Jon Caldara, rifle club sue over Boulder ‘assault weapons’ ban
Authors: 9News, Mark Harden - May 18, 2018 - Updated: May 18, 2018
Boulder’s new ban on assault weapons is already being challenged in court.
The ban — city Ordinance 8245 — was passed unanimously by the Boulder City Council. It bans sale and possession of guns the city defines as assault weapons along with bump stocks (a.k.a. “multi-burst trigger activators”) devices that allow a gun to be fired rapidly) and large magazines.
The lawsuit, filed Thursday in federal court, claims the ordinance “violate[s] multiple provisions of the U.S. Constitution including Article VI, the First Amendment, the Second Amendment, the Fifth Amendment and the Fourteenth Amendment.”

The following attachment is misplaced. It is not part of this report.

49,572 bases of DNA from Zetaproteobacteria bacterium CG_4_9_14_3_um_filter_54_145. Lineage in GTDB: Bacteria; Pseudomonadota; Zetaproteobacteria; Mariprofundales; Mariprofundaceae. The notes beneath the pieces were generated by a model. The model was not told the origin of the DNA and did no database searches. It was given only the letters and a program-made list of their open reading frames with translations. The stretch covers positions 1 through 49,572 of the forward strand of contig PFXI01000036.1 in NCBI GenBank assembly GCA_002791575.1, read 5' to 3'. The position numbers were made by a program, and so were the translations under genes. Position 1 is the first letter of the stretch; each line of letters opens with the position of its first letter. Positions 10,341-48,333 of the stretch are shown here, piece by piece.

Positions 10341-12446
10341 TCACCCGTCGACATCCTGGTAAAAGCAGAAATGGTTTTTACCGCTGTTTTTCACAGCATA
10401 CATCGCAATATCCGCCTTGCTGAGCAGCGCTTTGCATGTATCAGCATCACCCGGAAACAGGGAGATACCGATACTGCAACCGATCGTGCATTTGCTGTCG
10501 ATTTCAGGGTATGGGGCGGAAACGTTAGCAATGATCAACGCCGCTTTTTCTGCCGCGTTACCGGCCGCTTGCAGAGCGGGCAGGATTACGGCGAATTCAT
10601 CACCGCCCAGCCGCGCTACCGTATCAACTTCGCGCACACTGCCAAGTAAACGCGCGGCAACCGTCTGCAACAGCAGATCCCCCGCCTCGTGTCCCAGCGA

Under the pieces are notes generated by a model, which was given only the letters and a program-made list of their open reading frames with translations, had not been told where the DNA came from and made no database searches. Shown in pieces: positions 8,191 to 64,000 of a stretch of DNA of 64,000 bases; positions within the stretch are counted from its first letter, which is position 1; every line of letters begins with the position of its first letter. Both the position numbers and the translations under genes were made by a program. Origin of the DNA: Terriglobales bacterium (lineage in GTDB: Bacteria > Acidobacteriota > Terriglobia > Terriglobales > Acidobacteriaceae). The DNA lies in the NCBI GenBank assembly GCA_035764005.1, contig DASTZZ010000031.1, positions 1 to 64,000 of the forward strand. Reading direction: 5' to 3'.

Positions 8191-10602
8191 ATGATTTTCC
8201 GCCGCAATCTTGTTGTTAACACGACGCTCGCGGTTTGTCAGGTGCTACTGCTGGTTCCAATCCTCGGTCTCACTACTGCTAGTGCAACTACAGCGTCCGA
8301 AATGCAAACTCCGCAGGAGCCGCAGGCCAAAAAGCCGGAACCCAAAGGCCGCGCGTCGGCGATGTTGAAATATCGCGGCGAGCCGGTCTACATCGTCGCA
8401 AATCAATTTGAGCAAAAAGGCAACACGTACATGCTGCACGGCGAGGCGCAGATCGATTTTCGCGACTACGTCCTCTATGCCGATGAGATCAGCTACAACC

It was filed by Jon Caldara of Boulder — a broadcast host and president of the Independence Institute, a libertarian think tank — as well as the Boulder Rifle Club.
Attorneys from the conservative Mountain States Legal Foundation are representing the plaintiffs.
Under the ordinance, Boulder defines “assault weapons” as:
All semiautomatic rifles that have the capacity to accept a detachable magazine and that have any of the following characteristics: a pistol grip or thumbhole stock; a folding or telescoping stock; or any protruding grip or other device to allow the weapon to be stabilized with the non-trigger hand.
All semiautomatic center-fire pistols that have any of the following characteristics: the capacity to accept a magazine other than in the pistol grip or any device to allow the weapon to be stabilized with the non-trigger hand.
Any firearm that has been modified to be operable as an assault weapon as defined by the city, plus any part or combination or parts designed to convert a firearm into an assault weapon.
Under the measure, Boulderites would have 30 days to get rid of bump stocks and until the end of the year to dispose of high-capacity magazines. The ordinance would exempt law enforcement, military personnel and federal officers.